The dire comparison with its neighbours is partly due to a much higher level of testing (besides Chile), which is also reflective of at least one aspect of greater capacity in the health system (and it also underscores the certain underestimation of the severity of the crisis in Mexico and Ecuador). However, this statistic is also problematic because the Peruvian numbers include both PCR as well as serology tests, with the large majority being serological, whereas other countries only include PCR tests. As a result, the numbers are not comparable, although this being said, Peru’s positivity rate is also one of the highest in the world, meaning that far more testing is needed relative to the current prevalence of infection.2

Proximate explanations of failure: mobility and behaviour

The lack of success in controlling the pandemic was partially due to an inability to restrict peoples’ mobility despite the lockdown, which has been widely reported in media and noted by commentators. This became more evident following the initial 15-day quarantine period, even despite the extension of this initial period. As in many parts of the world, migrant workers in places such as the capital city of Lima began returning to their places of origin by foot. Specialists also noted that the lack of refrigerators in households and the habit of buying fresh products caused people to go out to markets frequently. Social protection measures to help vulnerable people ironically made this situation worse. For instance, a monetary grant of 760 soles (about 214 USD) was one of the measures intended to help people without a formal income and who lost their job because of COVID-19. However, the payment of the grant caused people to crowd in the banks. Indeed, markets and banks became the main hot spots of infection.

As a result, many experts claimed that people’s behaviour was the main factor that undermined the COVID-19 response, that lack of education about health care and respect for rules was aggravating the spread of the virus, especially among poor people. However, the discussion generally revolves around proximate reasons rather than highlighting fundamental structural inequalities that in fact point back to the legacy of social and economic policies over the last 30 years.

More fundamental structural reasons

Although the COVID-19 response at first seemed to be strong and promising, it actually quickly exposed the deep and overlapping structural problems within the social protection system, the employment structure, and the health system, which 30 years of reform did not resolve and in some cases worsened.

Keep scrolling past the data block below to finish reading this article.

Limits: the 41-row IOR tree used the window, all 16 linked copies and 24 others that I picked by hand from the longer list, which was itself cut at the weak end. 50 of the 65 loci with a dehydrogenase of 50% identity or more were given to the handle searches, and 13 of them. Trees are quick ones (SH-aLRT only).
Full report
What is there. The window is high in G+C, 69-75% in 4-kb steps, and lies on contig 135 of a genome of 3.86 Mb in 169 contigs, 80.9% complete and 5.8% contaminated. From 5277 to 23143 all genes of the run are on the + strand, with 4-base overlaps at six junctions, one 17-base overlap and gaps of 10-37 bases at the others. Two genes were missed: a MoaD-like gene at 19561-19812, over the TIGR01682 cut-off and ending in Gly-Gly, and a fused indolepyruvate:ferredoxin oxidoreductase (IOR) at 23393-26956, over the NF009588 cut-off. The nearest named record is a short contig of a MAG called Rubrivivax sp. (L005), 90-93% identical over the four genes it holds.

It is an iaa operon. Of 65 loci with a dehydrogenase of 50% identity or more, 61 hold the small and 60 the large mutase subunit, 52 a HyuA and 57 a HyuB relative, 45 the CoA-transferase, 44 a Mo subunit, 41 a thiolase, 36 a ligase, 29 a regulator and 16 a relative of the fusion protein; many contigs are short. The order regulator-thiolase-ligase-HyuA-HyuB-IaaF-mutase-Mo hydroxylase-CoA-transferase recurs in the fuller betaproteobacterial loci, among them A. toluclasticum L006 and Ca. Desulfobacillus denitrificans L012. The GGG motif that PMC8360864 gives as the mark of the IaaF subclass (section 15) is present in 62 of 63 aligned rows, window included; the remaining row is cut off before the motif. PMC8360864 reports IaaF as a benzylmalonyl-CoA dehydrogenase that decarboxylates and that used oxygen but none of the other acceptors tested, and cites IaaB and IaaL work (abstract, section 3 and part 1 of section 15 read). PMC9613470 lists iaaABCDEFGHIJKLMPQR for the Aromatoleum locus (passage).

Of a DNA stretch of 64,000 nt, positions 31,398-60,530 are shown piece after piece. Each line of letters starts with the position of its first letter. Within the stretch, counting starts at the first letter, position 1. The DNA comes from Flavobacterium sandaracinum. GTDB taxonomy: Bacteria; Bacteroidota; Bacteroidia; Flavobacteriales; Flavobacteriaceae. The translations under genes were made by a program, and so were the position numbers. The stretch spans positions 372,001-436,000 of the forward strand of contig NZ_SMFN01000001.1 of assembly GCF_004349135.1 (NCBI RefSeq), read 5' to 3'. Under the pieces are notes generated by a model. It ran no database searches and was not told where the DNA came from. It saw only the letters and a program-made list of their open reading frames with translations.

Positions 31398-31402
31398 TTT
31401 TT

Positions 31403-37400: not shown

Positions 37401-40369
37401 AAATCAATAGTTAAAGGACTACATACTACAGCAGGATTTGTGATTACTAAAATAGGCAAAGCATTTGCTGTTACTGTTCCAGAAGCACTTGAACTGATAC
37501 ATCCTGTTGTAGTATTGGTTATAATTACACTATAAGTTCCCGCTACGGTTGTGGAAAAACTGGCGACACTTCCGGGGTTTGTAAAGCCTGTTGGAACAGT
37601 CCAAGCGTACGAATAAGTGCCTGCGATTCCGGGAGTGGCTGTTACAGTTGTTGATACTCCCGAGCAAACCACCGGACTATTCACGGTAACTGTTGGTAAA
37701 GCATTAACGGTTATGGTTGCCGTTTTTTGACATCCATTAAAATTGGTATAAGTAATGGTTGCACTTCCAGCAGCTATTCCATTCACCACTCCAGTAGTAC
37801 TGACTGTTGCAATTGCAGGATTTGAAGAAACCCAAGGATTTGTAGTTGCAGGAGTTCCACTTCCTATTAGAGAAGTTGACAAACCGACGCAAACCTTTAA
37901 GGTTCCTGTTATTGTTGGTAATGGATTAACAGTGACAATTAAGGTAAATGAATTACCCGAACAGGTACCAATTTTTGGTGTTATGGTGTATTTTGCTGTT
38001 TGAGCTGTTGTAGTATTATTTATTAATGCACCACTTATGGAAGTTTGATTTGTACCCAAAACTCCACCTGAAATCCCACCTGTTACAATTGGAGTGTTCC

One crucial problem, as noted above, is the high degree of informality, which is estimated at 72.5% of the economically active population (16.511 million people), with no access to any formal social security. Poverty was estimated at about one-fifth of the national population in 2018, based on a money-metric poverty line of 344 soles (roughly 98 USD) per person per month (the extreme poverty line was 183 soles). This means that about half of employed people were informal but not considered poor by this metric, even though they might have been just above the poverty line.

Moreover, only a fraction of those deemed poor receive assistance. For instance, before the lockdown, only about 725,000 households were affiliated with the main cash transfer programme (Juntos), or less than 9% of households in the general household register that is used for poverty targeting. Those uncovered and working informally become part of the ‘missing middle’ given that they are also not covered by any social protection.

As noted above, the government has created different monetary subsidies and adapted the existing cash transfer programmes to address the vulnerability of these uncovered populations. As of 21 August, these have been extended in principle to more than 8.5 million households, with transfer values from 160 soles to 760 soles (it is unclear whether these are monthly or one-off payments). However, the government has not yet completed paying many of these households and for many it would amount to only one transfer within the six-month period from March to August. Beyond such limited support and facing unemployment with little or no savings, adhering to mobility restrictions were quite simply unrealistic or impossible for a large majority of the population.